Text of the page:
12 Record numbers stay in education A record number of school children stayed in full-time education in England after their GCSEs last year. Some 78.1% of 16-year-olds remained in education beyond the compulsory age - up 2.2 percentage points on Some 65% of 17-year-olds were in full time education in also a rise of 2.2 percentage points on The share of 16 to 18-year-olds not in education, employment or training (Neets) fell from 10.9% to 10.3% in leaving about 206,000 Neets (BBC – June 20 th 2006)

13 UK compared with others: 1990 ( * 2006 – FULL Time education) Participation in education and/or training (% age group): Labour Force Survey UK 77(78* ) 60 (65*) 34 Germ any Franc e Portu gal

14 Longer transitions…and more individualised The ‘myth’ of the orderly transition: ‘The predictable family-based patterns of entry into the labour market in the 1946 cohort give way to the more individualised transitions of the later cohorts relying more heavily on personal resources’. (Ferri et al 2003) Compare transitions in other societies: e.g. Lesotho (Ansell 2004) Traditional transitions: patterns fixed, universal, no significant risk of ‘failure’ Greater choice, flexibility introduced with secondary education: transitions become postponed

15 No change at the top: persistence of class differences in education. Women in higher education by social class Birth Year Father in Social Class 1 63%70% Father in Social Class 5 12%12%

16 Inequalities increasing: Fast track and slow track transitions (G.Jones) 2006) Slow Track  Staying on in education (until 30 or later)  Many semi-independent statuses requiring parental support  Problematic for those without middle class models of parental support  Can result in ‘broken’ or ‘fractured’ transitions  Mental health issues arise  Acquiring social capital Fast Track  Leaving education on or before min. age  Risks of unemployment, poor wages  NEET  Early family formation  Higher anti-social behaviour rates  Social exclusion  (Early achievement of adulthood more likely to mean premature loss of childhood)  Lack of social capital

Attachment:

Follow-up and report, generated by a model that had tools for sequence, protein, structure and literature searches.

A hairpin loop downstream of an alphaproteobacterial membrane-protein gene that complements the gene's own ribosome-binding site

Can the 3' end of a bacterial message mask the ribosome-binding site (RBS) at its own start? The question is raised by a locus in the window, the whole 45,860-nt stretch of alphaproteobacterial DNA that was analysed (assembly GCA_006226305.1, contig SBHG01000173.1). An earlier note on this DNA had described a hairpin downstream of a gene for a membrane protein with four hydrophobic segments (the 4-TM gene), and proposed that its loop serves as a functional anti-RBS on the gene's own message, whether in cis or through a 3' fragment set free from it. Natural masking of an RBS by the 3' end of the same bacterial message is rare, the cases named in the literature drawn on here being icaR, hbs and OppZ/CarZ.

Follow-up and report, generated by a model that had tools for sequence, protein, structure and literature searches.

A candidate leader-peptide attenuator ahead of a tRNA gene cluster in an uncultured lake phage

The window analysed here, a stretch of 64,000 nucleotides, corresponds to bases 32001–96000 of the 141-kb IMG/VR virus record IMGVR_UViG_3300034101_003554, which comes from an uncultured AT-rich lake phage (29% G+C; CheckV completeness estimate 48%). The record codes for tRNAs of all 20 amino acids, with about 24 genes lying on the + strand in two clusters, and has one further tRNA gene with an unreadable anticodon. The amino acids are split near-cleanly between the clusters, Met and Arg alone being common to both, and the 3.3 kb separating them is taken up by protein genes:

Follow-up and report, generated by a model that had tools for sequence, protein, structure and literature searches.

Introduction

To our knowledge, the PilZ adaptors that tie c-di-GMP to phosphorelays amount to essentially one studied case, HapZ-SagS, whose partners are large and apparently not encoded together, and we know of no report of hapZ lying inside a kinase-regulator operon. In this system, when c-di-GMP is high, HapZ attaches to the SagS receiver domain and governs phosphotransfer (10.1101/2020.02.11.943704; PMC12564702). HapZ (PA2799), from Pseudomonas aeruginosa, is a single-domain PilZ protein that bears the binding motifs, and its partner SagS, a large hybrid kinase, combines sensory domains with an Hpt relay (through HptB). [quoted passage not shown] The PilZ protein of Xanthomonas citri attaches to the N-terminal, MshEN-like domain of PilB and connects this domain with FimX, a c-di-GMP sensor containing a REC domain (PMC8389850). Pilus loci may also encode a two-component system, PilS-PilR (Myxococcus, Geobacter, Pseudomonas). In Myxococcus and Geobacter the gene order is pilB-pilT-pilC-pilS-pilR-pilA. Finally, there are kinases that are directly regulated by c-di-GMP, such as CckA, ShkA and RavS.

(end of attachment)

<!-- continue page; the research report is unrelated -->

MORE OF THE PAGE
17 Social Capital High Low Extended transition To adulthood Accelerated transition to adulthood

18 Discourse 2 Transitions have become individualised: the impact on identity

19 Identity in the ‘risk society’  Concept of ‘risk society’ generated by Ulrich Beck (1992) and Giddens (1990, 1991)  ‘The individual becomes the reproduction unit for the social’…when structures and solidarities have broken down (Beck 1992)  ‘Calculative’ approach to self reflexive biography making in ‘risk societies’ E.g. Giddens: Living in the ‘risk society means living with a calculative attitude to the open possibilities of action, positive and negative, with which, as individuals and globally, we are confronted in a continuous way in our contemporary social existence’ (1991: 28) E.g. Giddens: Living in the ‘risk society means living with a calculative attitude to the open possibilities of action, positive and negative, with which, as individuals and globally, we are confronted in a continuous way in our contemporary social existence’ (1991: 28)